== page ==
Client-Side Templates FTW!

Because I like blogging about technologies other developers are using and taking all the credit for them, I’d like to introduce you all to Client-Site Templates, a “new” technology supported by ASP.NET.

Thanks to the whole Web 2.0 thing and AJAX becoming more mainstream, web devs are thinking of more and more creative ways to present data. The first major breakthrough (and most used today) is the async post backs, where data from a browser is sent back to the server without having to refresh the entire page. That alone improved the user experience tenfold in my opinion, as you no longer have to wait for browsers to re-render menus or other static data when you’re only changing a small element on the page (i.e. selecting from a drop down list). Alot of this AJAX stuff was first presented to web devs in the form of 3rd party libraries (prototype, jQuery, etc.), but Microsoft (and I’m sure other server-side languages) have begun to support AJAX by combining existing server controls with AJAX functionality.

The newest wave in this AJAX movement is Client-Side Templates. While this has been going on for awhile, ASP.NET is starting to formally support it with some Web Services and the like. Right now, when you go to an average website, what’s happening is this:

  • User clicks “submit”
  • Browser sends entire form’s contents to the webserver
  • Webserver redirects request to asp.net application
  • asp.net processes request (talks to DB, etc.)
  • asp.net goes through each server control defined on the page and renders the HTML using data
  • web server returns HTML to browser
  • browser redraws entire page

With AJAX, you get this:

  • User clicks “submit”
  • Browser runs some javascript code to send only data that’s required (as defined by the page) to webserver
  • Webserver redirects request to asp.net page
  • asp.net processes request
  • asp.net only renders controls in response to request (i.e. only re-renders about 20% of the page)
  • web server returns JSON to the browser
  • javascript on the browser redraws only a portion of the page

AJAX is better, as there’s less load on the server (only dealing with areas it’s concerned about instead of the whole page), and the user only sees a targeted portion of the webpage change in response to their input. With Client-Side Templates, this takes the process one step further:

  • User clicks “submit”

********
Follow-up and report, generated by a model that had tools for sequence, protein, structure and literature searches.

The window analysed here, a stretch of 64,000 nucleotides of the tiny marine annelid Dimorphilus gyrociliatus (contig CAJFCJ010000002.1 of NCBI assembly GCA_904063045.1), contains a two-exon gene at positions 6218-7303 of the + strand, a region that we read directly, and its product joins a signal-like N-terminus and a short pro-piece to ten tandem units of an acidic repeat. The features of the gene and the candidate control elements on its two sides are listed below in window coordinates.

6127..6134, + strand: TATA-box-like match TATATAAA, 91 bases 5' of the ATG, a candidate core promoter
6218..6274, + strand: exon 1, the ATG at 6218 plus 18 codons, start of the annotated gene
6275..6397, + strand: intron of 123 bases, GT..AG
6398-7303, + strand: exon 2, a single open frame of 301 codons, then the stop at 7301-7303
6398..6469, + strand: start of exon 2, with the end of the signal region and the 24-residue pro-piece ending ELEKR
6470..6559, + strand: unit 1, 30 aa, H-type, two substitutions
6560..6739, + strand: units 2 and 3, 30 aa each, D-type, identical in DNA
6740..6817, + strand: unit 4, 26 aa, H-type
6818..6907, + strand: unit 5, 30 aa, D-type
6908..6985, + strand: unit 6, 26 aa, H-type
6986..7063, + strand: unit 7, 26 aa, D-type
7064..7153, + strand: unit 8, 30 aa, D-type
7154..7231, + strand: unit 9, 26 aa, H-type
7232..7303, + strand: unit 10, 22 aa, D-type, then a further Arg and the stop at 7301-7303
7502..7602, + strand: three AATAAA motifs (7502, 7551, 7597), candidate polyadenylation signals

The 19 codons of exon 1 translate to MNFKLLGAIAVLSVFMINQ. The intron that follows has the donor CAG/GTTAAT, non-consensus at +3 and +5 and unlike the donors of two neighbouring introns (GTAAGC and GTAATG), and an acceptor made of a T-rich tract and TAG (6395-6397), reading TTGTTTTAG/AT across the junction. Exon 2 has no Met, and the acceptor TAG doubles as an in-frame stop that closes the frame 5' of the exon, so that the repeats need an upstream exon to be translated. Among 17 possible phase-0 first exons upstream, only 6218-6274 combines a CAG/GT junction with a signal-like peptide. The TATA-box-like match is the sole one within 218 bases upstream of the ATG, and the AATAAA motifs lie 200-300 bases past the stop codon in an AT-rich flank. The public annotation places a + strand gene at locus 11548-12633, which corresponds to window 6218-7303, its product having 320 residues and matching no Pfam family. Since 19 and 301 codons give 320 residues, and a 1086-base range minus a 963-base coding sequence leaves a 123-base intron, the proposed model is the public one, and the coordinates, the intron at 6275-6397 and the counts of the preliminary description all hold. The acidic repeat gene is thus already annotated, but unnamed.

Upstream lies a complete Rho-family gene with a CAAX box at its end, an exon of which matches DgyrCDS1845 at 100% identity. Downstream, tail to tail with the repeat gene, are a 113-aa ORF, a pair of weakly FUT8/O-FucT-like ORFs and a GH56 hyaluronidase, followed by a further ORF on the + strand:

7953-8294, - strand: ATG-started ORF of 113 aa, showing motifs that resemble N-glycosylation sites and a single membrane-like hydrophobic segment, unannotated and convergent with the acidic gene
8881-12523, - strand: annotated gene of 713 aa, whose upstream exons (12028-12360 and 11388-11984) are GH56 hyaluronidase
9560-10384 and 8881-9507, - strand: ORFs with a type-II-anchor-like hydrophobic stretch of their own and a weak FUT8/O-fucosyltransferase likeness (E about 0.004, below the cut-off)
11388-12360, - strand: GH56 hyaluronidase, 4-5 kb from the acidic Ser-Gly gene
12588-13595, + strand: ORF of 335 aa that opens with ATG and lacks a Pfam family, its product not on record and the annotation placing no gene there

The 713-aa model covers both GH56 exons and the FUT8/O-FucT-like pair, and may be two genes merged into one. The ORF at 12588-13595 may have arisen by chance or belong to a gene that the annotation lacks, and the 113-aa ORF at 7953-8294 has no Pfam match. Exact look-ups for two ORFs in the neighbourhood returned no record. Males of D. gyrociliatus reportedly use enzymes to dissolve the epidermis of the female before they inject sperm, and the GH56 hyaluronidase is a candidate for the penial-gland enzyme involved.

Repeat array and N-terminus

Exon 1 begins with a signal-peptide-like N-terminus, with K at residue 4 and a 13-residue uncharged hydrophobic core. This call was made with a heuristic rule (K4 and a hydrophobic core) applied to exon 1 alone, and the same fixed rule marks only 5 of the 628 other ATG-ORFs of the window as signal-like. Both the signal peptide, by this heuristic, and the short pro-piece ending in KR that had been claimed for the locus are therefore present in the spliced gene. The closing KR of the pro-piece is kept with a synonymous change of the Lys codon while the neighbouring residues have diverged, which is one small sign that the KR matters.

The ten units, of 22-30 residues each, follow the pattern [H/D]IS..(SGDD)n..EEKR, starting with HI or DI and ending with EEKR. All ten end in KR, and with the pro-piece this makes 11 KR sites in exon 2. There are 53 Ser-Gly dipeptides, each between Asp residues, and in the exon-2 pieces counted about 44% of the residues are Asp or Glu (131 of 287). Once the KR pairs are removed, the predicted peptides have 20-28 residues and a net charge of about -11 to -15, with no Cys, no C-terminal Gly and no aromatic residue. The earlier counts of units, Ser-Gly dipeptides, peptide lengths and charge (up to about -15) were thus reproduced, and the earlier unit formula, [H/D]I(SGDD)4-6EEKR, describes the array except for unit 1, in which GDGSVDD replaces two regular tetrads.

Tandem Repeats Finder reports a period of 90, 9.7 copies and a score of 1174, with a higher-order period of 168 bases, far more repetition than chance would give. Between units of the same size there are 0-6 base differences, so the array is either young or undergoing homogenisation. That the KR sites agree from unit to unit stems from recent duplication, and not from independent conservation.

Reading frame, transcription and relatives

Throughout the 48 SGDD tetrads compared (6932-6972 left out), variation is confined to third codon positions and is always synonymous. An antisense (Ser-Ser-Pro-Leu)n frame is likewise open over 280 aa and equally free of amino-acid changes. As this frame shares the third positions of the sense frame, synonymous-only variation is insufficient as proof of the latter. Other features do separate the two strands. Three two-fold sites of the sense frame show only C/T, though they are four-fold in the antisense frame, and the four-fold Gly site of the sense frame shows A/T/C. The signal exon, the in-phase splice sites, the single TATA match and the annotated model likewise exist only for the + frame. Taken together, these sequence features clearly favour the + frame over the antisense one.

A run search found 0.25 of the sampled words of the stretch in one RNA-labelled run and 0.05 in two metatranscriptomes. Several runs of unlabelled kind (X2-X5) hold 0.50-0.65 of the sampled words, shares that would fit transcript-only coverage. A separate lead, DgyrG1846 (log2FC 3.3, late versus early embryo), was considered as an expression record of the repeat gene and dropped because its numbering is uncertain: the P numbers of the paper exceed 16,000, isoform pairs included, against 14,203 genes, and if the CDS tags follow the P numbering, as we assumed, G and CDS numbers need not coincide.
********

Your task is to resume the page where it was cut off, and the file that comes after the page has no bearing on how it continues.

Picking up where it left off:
• Browser runs js to send targeted input
  • Webserver redirects request to web service
  • Web service processes request
  • Web service returns JSON (no rendering of HTML controls required) to the browser
  • Browser runs javascript to render controls based on template defined on page

So the server isn’t bothering to render controls anymore, instead we’re using javascript on the browser to create the HTML on the client. This not only saves the server a step in processing, but also cuts down the amount of data that is sent back and forth. To illustrate:

Old Way
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<!-- url: GET www.intraiq.com?user=chad&age=26&
              birthday=02/05/1983&favoritegames=quake,wc3,gow2,fo -->
<html>
  <head>
      <title>page title</title>
  </head>
  <body>
      Hey <span>Chad</span>, how's it goin?  You're <span>26</span>!
  </body>
</html>
New Way
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// url: GET www.intraiq.com?name=Chad&age=26
{Name: Chad; Age: 26;}

Also, because it’s a webservice, we can start applying built-in HTTP caching checks to the service calls. ASP.NET AJAX automatically adds the if-modified-since & e-tag (a hash code used to identify objects, i.e. an image) headers to web service calls, and we can code our webservices to handle that – if a web service determines that there’s been no change in its output based on the modified check date and/or e-tag, it can simply return the “304? HTTP response code instead of data, and ASP.NET AJAX will simply stop there. This is especially useful if someone’s polling a service constantly (i.e. stock quotes, sport scores, etc) and drastically cuts down on both server load (just check if data’s changed, don’t actually retrieve or process it), and data transfer (sending “304? instead of ”{Name: Chad; Age: 26;}“.

And of course I have to give props to both Thu and Wilson for actually implementing these ideas. I’m just the one who gets to talk about them.

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